NYC twin brothers arrested for manufacturing explosives


An ex-New York City high school teacher was charged in a federal complaint Thursday for allegedly using students to assist in making a bomb.

But on Wednesday, students at his former school told agents that he paid at least two students about $50 an hour between October and January to break up fireworks and store the powder from them, said the complaint, which didn't say what the goal of the bomb was. The U.S. Attorney's Office, FBI and the NY police announced the charges Thursday evening.

The investigation that ultimately led to the Toro brothers began December 4, when a bomb threat was called into the Harlem charter school where Christian Toro worked, according to the complaint and John J. Miller, the deputy commissioner of intelligence and counterterrorism, who spoke at the news conference with de Blasio.

Christian Toro is also accused of distributing explosive materials to two individuals under the age of 21 in the Bronx, according to the complaint. According to the criminal complaint, law enforcement officials have been monitoring Christian Toro's activities for months and made a decision to move in Thursday in the wake of recent events.

A search of the apartment on Thursday found potassium nitrate, black powder identified as an explosive material, metal spheres and other bomb components, according to the document.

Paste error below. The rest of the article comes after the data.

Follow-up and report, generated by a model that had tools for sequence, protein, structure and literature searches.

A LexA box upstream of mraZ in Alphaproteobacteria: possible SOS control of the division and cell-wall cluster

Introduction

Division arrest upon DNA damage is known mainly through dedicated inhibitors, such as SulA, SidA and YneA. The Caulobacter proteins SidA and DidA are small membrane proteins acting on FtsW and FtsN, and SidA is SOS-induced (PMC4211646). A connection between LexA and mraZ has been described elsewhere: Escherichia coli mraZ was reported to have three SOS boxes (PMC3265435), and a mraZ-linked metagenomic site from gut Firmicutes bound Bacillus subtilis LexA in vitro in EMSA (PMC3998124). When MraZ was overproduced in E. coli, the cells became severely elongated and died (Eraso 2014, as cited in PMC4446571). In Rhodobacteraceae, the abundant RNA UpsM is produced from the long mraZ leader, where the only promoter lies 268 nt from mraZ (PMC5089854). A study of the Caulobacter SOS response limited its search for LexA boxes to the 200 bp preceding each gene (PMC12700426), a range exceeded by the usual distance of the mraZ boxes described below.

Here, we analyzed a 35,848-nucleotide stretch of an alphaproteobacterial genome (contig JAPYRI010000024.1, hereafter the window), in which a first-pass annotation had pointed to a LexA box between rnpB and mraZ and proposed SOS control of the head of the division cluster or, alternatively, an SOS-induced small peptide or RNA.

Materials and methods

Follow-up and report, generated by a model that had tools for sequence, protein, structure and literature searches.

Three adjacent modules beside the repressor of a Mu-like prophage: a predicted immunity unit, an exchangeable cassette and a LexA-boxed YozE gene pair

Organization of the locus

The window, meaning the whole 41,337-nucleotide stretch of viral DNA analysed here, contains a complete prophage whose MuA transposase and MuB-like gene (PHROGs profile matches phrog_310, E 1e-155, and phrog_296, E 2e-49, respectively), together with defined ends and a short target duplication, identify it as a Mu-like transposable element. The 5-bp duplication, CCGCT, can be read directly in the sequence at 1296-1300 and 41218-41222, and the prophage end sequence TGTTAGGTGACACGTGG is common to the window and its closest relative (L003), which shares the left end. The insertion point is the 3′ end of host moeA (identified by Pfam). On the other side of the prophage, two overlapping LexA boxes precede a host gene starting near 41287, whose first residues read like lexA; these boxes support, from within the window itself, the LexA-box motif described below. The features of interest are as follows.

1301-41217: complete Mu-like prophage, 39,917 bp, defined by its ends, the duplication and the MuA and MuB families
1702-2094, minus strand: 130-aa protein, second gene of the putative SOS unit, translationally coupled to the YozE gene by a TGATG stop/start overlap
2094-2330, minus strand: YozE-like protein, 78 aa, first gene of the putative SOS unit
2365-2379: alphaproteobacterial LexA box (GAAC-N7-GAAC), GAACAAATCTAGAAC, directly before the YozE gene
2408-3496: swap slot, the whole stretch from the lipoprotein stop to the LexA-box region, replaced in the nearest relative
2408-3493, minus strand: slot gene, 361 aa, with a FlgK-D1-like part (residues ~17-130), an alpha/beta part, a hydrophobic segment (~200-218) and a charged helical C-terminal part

Afterward, Christian and Tyler Toro returned the laptop that the school had provided to the teacher, and a technical specialist found a copy on the laptop of a book called "The Explosives Book" that provides instruction for making explosives the complaint said.

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Law enforcement agents also found a backpack with a diary notated with the words "Operation Flash" and an index card saying "Under the full moon the small ones will know terror". Toro allegedly had students do this from October 2017 until early January 2018.

"Information from citizens stopped a significant threat to public safety", said FBI New York division assistant director Bill Sweeney.

On Thursday, police searched the two brothers' apartment in New York's Bronx neighborhood. Investigators uncovered the plots after speaking with students at the school. It said: "If you're registered as a sex offender, things will be hard". But I am here 100 percent, living, buying weapons. The front of the diary said it belonged to Tyler Toro.

Raymond Del Villar, 20, who lives in apartment across from the brothers, said he was on his way to school when he saw up to 20 detectives in the hallway, and his neighbors in handcuffs near the elevator several feet away on Thursday morning. "They were college educated, they held the door for you whenever they saw you". Yet although law enforcement hasn't revealed a specific target or motive for the plan, there was enough evidence for federal charges.

"This is a moment to remind all New Yorkers, to remind everyone, that the idea that if you see something, you say something is more pertinent than ever", de Blasio said.